Having a public member on a TSC/SSC can provide a unique stakeholder perspective. Using their personal experience they could contribute by:
- considering the perspective of a potential study participant assisting with recruitment and retention plans
- providing a fresh ‘critical friend’ perspective on the feasibility (practicalities and acceptability) of study design and
- offering advice on the planned Patient and Public Involvement (PPI) in the study including adherence to protocol and milestones.
The role of the public TSC/SSC member is explained further in the role description. View our Public TSC / SSC Member Role Description document.
There may be occasions where a public member is not appropriate such as studies focusing on health professionals as the end user. Careful thought should be given to what perspective will be gained through public membership.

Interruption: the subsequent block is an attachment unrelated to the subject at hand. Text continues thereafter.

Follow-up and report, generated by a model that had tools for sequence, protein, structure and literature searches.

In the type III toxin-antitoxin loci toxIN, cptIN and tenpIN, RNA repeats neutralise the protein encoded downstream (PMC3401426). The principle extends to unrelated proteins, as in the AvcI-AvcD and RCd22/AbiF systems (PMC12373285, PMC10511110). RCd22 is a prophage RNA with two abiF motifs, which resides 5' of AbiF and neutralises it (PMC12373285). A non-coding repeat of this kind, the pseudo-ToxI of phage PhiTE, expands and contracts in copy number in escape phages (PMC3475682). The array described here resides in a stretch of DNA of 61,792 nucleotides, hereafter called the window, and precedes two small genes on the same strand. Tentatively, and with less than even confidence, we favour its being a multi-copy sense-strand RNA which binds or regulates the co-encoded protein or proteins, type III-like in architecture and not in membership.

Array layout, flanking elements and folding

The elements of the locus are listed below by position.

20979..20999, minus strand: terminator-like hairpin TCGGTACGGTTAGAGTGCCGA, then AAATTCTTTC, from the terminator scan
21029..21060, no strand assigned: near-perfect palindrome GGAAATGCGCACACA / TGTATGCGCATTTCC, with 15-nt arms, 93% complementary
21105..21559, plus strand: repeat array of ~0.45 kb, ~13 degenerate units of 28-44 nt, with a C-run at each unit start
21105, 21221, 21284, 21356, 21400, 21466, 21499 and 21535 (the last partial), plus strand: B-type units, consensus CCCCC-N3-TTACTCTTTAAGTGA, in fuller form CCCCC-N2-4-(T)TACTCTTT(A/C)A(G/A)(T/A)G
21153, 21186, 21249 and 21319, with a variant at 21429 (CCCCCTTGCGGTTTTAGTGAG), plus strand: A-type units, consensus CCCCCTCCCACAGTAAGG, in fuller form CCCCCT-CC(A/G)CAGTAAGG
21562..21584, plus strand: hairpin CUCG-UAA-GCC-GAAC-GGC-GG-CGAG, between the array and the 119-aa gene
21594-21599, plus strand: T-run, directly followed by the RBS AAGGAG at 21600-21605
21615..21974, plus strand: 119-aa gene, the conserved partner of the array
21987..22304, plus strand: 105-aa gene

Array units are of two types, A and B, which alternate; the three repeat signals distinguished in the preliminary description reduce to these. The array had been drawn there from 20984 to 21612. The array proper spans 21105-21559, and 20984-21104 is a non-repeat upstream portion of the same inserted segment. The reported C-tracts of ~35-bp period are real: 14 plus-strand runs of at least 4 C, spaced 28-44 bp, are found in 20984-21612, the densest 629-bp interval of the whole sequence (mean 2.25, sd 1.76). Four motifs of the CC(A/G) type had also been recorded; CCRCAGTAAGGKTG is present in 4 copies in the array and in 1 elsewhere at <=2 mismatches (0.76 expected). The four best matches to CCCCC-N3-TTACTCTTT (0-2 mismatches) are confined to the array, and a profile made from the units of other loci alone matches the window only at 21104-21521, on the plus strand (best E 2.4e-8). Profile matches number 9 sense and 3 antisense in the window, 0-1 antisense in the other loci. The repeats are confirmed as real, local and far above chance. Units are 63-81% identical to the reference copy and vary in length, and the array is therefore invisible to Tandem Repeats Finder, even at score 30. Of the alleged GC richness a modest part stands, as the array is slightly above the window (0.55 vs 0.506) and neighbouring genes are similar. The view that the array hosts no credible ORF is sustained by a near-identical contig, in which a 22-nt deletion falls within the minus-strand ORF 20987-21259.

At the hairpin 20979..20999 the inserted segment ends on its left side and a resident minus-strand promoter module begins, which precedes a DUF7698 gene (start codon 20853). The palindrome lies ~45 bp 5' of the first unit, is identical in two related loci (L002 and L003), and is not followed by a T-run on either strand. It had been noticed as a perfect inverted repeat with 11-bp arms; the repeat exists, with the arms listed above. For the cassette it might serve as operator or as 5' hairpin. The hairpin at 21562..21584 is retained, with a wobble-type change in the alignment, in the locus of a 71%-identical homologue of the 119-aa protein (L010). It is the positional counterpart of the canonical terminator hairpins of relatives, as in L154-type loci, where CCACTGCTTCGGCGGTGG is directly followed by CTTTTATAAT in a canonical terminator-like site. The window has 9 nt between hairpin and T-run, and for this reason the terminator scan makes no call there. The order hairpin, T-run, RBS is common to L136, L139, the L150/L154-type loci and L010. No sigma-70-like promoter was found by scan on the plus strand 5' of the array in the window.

UK Standards for Public Involvement
The approach of the TSC/SSC to public involvement should be in keeping with the National Standards for Public Involvement. An evaluation of the involvement against the standards is recommended.
National Standards for Public Involvement as applied to TSC/SSC activity
Standard 1: Inclusive Opportunities - The public role is accessible and the opportunity reaches people and groups who have lived experiences of the service / condition or are affected by the issues being researched.
Standard 2: Working Together - The TSC/SSC work together in a way that values all contributions and that builds and sustains mutually respectful and productive relationships.
Standard 3: Support & Learning - The TSC/SSC and research team offer and promote support and learning that builds confidence and skills for public involvement in research. Specifically, the study and research or medical terminology should be explained. Public members should also be directed to appropriate learning resources.